It’s likely to get a lot worse before it gets better…

Here are some of the most incredible photos you’ll see today – before-and-after pictures of New York and New Jersey.

sandy_beforeafter.jpg

A small-airplane pilot launched yesterday to get a look. He provides incredible images here:

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4) MYSTERIES AT THE FOUL LINE

We’re just a little more than a day away from the home opener for the NBA Timberwolves, which requires us to read up on our science, specifically: why do players miss free throws?

“The bottom line result is everybody’s problem was different. There’s no one thing that everybody is doing wrong,” said a researcher who has studied a season’s worth of data. “If you look at [Dallas Maverick] Dirk Nowitzki’s misses, they’re completely different than [New York Knick] Tyson Chandler’s misses. It’s a completely different thing that needs to be worked on.”

They did not study, however, whether people waving their arms and making noise had anything to do with the misses. The research was detailed on LiveScience.com.

5) THE JUNK WE TOSS IN THE MISSISSIPPI

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We put a lot of junk in the Mississippi River, America’s longest sewer system. Our pal, Daniel Alvarez, kayaking the river this year, is finding a lot of it…


I’ve found all kinds of things along the shore of the Mississippi. I found an old milk jug like they use in carnival games at the state fair. I found rusted out cars and bicycles. I found a basketball which I picked up and then lost half-a-day later when it rolled off the boat and floated away again. I even found a turtle float with dozens of insults written all over it in permanent marker, things like “whore,” “prostitute,” and “slut.” I have no idea what that turtle did to deserve all those names, I can only imagine it was enjoying life so much that the other turtle floats got jealous of all the fun it was having.

Meanwhile, a Grand Marais couple is on its own odyssey via kayak. They’re kayaking the Atlantic along the East Coast. The Duluth News Tribune reports today that they evacuated a home in which they were seeking shelter during the hurricane, leaving their kayaks to fend for themselves.

Bonus: By answering 13 questions on a quiz show, Sushil Kumar won more money than he’d otherwise make in 800 years of work. He was also the subject of an acclaimed movie a few years ago — Slumdog Millionaire. What’s happened since? He’s paid off his brother’s debts and is building house for his extended family. And he’s not giving it away, the BBC reports.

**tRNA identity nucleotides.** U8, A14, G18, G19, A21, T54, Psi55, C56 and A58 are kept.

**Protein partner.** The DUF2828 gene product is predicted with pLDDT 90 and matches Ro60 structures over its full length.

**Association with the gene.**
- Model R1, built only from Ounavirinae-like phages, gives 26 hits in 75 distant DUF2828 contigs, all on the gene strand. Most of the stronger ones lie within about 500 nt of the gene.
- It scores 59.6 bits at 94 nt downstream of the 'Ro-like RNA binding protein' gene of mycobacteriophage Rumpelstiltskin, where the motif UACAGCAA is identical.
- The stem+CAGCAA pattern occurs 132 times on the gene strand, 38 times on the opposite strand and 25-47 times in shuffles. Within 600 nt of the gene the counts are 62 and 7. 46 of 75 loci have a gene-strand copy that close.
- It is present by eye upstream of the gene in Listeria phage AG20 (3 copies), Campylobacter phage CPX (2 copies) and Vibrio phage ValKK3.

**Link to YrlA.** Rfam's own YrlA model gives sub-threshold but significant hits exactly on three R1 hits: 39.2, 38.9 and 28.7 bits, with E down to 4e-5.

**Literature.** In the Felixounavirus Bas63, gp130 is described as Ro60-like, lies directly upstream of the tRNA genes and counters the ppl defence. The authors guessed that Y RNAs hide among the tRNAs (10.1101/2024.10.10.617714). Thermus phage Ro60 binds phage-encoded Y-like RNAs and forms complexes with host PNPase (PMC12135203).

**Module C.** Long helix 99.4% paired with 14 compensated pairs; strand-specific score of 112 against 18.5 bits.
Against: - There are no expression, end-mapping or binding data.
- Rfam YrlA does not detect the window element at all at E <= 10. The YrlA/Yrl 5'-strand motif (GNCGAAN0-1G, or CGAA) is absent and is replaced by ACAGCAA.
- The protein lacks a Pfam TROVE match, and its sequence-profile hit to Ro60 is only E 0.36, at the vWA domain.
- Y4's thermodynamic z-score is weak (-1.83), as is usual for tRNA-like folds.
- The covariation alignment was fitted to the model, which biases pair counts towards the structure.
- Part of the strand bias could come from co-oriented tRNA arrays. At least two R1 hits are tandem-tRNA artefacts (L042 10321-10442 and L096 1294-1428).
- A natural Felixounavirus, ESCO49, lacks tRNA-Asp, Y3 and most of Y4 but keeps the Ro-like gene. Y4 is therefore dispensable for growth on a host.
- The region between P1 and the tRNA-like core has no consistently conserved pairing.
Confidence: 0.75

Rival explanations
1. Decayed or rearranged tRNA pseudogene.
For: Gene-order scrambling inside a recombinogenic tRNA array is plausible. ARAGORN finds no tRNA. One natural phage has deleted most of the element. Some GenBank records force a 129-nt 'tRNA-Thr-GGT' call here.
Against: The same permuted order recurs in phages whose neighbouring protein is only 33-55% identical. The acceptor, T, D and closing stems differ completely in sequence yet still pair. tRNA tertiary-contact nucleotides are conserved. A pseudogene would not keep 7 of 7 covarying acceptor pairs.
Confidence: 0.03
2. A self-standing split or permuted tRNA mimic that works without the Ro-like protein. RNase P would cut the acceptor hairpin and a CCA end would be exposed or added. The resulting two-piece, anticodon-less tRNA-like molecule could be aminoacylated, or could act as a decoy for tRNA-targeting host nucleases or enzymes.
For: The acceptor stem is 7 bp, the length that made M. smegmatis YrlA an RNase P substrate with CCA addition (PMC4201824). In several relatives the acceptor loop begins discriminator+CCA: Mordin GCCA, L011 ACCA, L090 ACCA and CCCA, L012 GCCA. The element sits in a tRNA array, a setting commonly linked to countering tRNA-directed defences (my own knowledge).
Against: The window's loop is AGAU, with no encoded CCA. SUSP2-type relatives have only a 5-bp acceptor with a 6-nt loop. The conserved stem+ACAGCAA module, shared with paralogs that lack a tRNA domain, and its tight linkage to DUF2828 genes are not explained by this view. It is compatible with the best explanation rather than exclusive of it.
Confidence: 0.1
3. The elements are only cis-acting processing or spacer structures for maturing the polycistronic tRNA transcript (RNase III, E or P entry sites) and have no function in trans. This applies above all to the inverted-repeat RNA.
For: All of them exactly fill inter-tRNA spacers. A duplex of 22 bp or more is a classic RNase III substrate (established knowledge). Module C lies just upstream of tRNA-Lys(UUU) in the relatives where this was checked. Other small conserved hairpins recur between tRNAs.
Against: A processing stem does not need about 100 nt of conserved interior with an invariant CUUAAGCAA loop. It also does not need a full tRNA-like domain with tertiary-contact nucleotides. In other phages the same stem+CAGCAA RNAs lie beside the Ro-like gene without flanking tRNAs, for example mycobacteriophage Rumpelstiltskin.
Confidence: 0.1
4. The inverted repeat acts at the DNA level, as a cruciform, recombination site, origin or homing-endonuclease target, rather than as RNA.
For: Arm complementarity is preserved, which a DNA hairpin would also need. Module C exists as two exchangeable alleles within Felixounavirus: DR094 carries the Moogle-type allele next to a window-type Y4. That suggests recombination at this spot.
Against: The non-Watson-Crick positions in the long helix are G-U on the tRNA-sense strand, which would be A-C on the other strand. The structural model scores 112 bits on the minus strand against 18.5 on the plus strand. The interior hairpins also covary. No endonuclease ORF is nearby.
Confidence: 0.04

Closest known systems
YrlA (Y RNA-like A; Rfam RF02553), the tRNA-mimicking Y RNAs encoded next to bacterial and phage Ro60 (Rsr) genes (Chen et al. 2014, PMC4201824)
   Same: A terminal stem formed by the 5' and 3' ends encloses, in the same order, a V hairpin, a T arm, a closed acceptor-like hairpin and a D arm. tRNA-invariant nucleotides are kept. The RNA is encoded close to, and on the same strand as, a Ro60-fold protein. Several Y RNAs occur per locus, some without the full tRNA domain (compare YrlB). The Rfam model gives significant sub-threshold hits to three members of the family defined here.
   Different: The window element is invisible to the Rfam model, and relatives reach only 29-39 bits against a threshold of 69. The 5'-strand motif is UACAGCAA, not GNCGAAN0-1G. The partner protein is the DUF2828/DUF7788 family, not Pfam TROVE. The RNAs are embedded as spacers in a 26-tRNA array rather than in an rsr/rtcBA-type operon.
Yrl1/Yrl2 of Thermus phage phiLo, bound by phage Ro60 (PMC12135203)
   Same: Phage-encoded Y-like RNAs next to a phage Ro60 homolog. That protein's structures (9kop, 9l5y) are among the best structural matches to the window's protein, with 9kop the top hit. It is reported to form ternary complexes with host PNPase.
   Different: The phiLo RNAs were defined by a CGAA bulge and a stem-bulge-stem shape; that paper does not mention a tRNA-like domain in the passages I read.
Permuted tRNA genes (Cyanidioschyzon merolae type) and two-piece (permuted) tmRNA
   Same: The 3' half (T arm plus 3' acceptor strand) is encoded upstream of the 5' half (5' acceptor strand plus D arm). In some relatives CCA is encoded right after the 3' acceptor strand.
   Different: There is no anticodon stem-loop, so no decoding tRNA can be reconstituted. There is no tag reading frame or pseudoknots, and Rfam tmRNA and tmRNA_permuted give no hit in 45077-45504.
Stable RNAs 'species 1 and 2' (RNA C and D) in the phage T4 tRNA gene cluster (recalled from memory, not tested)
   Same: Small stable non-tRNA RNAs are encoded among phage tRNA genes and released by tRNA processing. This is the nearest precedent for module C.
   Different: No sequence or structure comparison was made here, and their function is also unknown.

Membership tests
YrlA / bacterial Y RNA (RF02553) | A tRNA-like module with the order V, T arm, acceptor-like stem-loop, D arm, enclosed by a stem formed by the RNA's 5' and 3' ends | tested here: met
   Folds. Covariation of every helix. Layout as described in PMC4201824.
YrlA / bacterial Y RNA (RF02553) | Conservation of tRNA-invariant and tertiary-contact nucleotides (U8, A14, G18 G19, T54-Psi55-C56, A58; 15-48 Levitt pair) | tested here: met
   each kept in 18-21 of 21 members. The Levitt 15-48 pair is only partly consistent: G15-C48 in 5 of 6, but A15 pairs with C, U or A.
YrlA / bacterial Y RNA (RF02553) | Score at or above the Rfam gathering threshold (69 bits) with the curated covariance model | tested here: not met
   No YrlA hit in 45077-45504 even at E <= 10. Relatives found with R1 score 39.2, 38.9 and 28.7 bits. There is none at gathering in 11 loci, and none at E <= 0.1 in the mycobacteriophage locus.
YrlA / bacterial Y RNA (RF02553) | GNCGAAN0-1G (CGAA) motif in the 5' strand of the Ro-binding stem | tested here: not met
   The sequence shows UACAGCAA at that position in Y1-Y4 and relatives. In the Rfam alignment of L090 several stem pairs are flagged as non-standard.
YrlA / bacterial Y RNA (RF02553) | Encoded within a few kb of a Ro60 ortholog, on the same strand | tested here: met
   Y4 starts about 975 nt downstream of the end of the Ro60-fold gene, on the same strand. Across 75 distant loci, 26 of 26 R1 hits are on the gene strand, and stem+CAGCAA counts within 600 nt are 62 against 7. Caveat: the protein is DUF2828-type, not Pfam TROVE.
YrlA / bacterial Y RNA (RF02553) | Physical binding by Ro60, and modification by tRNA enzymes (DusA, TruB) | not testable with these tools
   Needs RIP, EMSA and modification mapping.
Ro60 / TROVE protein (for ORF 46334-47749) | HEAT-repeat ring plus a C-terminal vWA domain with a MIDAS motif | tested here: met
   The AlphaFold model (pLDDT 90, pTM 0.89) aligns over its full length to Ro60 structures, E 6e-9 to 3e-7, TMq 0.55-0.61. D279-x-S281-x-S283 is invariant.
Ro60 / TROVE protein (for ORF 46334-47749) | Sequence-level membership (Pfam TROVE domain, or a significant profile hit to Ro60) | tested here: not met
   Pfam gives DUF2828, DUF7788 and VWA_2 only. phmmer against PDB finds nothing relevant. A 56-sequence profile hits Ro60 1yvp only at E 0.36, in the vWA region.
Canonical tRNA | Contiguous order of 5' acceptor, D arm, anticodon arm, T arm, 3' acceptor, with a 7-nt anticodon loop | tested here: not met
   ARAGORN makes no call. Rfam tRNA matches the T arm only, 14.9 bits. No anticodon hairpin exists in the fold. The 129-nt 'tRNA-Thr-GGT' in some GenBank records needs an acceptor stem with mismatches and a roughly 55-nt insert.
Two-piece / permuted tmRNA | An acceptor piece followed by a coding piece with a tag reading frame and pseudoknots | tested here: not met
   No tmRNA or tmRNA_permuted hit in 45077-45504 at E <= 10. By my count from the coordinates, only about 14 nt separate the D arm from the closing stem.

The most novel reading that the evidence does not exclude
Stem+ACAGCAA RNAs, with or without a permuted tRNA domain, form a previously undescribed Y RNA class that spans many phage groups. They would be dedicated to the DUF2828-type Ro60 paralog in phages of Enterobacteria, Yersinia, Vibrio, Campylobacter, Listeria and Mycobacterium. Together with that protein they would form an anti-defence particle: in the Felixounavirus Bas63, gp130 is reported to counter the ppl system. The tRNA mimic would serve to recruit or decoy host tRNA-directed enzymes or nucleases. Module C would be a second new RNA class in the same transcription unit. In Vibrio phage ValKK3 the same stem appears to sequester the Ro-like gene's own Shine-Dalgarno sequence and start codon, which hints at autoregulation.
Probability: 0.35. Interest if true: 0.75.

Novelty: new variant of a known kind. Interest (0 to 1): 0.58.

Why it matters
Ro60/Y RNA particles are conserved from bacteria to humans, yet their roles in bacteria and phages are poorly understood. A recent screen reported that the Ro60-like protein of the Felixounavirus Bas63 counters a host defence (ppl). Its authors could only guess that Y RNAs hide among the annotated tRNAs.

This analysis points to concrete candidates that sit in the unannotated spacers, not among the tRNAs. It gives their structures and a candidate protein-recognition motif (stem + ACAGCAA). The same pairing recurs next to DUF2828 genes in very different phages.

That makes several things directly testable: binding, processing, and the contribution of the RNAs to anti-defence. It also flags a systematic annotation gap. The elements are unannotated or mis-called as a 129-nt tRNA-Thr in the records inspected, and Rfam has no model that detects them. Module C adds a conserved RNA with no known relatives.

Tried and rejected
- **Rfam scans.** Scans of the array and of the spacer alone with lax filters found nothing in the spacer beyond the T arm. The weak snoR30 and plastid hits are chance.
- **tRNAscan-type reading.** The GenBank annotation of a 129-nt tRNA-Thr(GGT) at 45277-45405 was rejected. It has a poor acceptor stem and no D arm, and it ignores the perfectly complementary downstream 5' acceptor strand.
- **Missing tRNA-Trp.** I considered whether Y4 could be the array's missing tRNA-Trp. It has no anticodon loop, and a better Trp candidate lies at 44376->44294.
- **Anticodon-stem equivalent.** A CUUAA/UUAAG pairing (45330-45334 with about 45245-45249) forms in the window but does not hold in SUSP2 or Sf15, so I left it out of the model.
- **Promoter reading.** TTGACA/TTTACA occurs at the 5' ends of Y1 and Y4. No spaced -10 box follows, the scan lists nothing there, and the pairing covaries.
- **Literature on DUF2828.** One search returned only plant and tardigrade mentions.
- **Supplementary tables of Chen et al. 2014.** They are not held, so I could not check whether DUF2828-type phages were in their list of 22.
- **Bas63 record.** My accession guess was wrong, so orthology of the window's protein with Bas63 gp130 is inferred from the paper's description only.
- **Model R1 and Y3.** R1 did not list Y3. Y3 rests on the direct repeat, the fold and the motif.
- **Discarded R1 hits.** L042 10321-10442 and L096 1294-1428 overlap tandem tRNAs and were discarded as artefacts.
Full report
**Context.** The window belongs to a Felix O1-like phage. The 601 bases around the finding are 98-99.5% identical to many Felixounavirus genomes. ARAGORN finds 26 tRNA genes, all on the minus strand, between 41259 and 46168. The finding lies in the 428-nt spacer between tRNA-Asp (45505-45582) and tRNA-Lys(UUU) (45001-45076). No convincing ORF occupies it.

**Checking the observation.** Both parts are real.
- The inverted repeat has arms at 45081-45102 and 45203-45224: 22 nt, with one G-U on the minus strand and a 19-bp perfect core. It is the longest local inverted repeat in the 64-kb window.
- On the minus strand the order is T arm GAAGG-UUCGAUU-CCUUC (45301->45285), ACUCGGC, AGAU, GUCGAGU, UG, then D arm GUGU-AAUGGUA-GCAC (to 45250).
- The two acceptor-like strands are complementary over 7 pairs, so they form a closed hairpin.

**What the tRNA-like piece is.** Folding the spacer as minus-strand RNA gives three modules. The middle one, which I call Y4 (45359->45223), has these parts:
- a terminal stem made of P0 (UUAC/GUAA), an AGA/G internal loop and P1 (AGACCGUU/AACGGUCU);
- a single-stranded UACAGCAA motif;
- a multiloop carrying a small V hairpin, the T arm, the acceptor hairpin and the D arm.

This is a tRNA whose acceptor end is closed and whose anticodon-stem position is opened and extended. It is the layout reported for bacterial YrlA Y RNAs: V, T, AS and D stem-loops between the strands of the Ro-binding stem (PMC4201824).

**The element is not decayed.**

TODAY’S QUESTION

MPR News is sponsoring a series of debates in St. Paul’s Fitzgerald Theater this week. Tonight, the topic is the marriage amendment. Today’s Question: Which way will you vote on the constitutional amendment that would define marriage as only between a man and a woman, and why?

WHAT WE’RE DOING

Daily Circuit (9-12 p.m.) – First hour: What would an Obama second term look like?

Second hour: Americans tend to picture successful entrepreneurs as young, bold risktakers. Think Mark Zuckerberg. But, as Chris Farrell points out in a recent Bloomberg Businessweek column, older entrepreneurs start companies too. We discuss the trend of aging entrepreneurs.

Third hour: Kerri Miller moderates a debate between the candidates for the seat representing Minnesota’s 6th Congressional District, incumbent Rep. Michele Bachmann and challenger Jim Graves.

MPR News Presents (12-1 pm): The final 8th District Congressional debate between Rep. Chip Cravaack and challenger Rick Nolan. (recorded yesterday in Virginia, MN)

Talk of the Nation (1-2 p.m.) – When to leave Afghanistan. The war goes all but unmentioned by both campaigns. But public opinion turns ever more negative on America’s longest war amid continued insider attacks. Many ask why we continue to risk American lives. Retired General Jack Keane argues it’s not about the Afghans. “We’re in this for our own security,” he says.

All Things Considered (3-6:30 p.m.) - Humorist Joe Queenan is big on books; he’s written 11 of them. And he’s read about 7,000. It’s amazing that he has any time to write. But he’s authored another one. This one is about his life-long obsession with books and reading. NPR has a review.